In one of her first essays that I read, On Self-Respect, she writes “There is a common superstition that ‘self-respect’ is a kind of charm against snakes, something that keeps those who have it locked in some unblighted Eden, out of strange beds,  ambivalent conversations,  and trouble in general. It does not at all. It has nothing to do with the face of things, but concerns instead a separate peace, a private reconciliation.” I remember frantically scribbling in the margins of the book the first time that I read this sentence. Didion was always concerned with getting to the core questions of what it means to be human. Her language was so clear and precise. She questioned who and what she wanted to, regardless of how it might make her readers feel. 

Her work often contradicted popular opinion and pointed out something truly eye-opening and original. In 1979, she wrote a scathing critique of Woody Allen’s beloved films, Manhattan and Annie Hall, in the New York Review of Books, that suggested that his characters were simple-minded and unrealistic. 

Like many twentieth century women, Didion did not explicitly identify as a feminist. She openly criticized much of second-wave feminism. Yet, I credit her with gifting this all-encompassing tenant of feminism to so many— empowering those on the margins to have as loud a voice as anyone in the room.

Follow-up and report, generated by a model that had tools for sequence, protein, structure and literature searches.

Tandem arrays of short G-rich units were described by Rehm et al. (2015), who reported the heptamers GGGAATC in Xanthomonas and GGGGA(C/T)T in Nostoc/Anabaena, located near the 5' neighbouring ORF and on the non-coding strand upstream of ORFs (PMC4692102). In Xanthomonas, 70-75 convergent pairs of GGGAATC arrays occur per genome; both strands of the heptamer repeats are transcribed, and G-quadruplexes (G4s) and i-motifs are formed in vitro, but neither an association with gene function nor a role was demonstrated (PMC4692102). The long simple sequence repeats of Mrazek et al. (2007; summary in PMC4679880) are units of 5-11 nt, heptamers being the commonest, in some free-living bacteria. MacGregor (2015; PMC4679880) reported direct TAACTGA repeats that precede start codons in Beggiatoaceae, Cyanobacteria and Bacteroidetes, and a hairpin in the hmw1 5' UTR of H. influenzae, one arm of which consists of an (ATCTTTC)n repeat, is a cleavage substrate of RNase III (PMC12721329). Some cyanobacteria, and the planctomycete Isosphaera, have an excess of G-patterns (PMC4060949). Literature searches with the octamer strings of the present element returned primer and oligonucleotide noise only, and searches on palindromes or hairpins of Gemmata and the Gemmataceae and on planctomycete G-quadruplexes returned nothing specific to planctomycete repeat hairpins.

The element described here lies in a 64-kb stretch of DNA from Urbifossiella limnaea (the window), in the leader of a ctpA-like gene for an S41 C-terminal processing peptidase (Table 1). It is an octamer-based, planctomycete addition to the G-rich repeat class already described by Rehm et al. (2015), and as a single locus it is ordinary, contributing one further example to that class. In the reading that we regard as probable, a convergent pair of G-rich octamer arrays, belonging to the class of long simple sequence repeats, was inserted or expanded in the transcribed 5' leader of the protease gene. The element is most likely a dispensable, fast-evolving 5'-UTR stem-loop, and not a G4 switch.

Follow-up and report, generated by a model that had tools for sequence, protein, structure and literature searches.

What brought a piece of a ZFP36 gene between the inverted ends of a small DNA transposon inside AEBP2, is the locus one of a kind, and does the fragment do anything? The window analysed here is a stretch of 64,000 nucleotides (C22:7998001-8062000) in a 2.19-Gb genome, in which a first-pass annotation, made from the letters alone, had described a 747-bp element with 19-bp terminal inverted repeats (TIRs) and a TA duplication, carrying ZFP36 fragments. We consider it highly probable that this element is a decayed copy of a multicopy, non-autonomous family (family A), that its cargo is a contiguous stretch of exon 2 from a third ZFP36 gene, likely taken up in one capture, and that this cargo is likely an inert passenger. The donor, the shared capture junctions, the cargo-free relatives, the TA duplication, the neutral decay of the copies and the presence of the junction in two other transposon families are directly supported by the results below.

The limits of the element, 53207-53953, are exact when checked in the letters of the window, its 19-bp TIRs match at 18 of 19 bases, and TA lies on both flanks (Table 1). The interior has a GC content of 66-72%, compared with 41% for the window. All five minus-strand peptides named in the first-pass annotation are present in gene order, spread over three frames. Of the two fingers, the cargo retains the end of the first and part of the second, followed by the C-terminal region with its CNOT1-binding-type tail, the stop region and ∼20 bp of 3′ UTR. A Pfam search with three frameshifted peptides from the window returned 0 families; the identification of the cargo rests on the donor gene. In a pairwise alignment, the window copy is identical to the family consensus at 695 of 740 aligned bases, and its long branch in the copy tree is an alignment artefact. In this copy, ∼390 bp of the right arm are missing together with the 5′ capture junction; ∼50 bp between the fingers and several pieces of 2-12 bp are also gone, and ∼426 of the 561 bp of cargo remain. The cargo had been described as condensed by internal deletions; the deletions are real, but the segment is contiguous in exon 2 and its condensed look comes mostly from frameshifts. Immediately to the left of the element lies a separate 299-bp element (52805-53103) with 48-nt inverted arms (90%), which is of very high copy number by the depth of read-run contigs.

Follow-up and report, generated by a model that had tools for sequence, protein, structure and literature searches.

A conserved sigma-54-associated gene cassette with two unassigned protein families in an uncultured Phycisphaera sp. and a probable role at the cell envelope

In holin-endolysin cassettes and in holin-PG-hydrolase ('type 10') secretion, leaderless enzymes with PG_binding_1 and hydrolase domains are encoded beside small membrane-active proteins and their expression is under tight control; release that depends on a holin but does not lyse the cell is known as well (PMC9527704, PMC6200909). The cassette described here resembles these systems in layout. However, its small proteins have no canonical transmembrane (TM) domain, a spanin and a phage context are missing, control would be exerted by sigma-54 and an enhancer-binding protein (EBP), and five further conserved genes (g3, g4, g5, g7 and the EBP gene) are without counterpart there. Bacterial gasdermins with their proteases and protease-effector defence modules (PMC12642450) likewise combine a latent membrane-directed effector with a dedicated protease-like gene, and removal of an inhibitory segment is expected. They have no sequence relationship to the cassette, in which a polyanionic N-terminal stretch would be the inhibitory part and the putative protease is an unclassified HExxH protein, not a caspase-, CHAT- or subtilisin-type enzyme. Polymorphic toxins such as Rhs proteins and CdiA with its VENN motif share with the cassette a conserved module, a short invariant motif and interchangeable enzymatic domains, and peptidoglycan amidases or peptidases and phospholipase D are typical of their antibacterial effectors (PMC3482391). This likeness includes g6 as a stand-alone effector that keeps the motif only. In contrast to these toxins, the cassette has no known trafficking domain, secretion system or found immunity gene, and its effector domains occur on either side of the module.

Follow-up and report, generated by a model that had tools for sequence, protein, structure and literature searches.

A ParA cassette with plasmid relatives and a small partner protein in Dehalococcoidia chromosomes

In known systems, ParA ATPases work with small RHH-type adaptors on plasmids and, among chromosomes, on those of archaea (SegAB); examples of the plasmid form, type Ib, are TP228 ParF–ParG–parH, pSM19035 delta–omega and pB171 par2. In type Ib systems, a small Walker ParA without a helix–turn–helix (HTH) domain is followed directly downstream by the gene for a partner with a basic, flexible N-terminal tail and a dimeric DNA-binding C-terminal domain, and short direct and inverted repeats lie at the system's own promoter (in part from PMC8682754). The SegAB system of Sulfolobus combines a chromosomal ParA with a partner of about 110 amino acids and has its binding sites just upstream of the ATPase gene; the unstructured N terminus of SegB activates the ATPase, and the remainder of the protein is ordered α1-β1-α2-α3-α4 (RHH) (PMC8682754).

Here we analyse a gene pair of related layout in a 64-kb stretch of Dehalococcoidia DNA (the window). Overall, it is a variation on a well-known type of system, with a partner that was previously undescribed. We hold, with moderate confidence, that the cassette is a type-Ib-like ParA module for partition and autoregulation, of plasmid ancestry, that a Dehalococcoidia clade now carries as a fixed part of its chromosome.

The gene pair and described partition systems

Didion’s essay ‘On Keeping A Notebook’ convinced me to start writing down my thoughts and opinions. For me, this exercise single-handedly changed the way I thought about my voice in the world. Writing things down helped me to solidify my opinions in a world that taught me to constantly question myself.

Didion explains that for her, keeping a notebook was also about figuring out what she thought by writing it down, but it was more so about remembering past versions of herself. She says that even though her notebooks were filled with seemingly meaningless observations of her surroundings (“Dirty crepe-de-chine wrapper, hotel bar, Monday morning”), they brought her back to how it felt to be her at a particular moment in time: “My stake is always, of course, in the unmentioned girl in the plaid silk dress. Remember what it was to be me: that is the point.”

After Didion’s passing, I searched for the first purple moleskin I bought myself after reading her essay. I wanted to remember who I was when I first encountered Joan Didion. I took a breath and flipped it open. In tight, slanted blue ink there was the first note I’d written: “Mr. P’s bulging, green eyes. Uncrustable wrapper on the back desk. The faint smell of a heater running in the classroom. Eighth Grade, Science class, December, 2010, Wednesday, mid-morning.”

Didion was right. I was immediately transported back to that time. I was that eighth grade girl again – pink braces, long, tangled hair. She was so eager to please, so unsure … but with a pen in hand and a copy of Didion by her side, she was beginning to find her voice.

Header image: David Shankbone via Creative Commons

Middle image: Christopher Michel via Creative Commons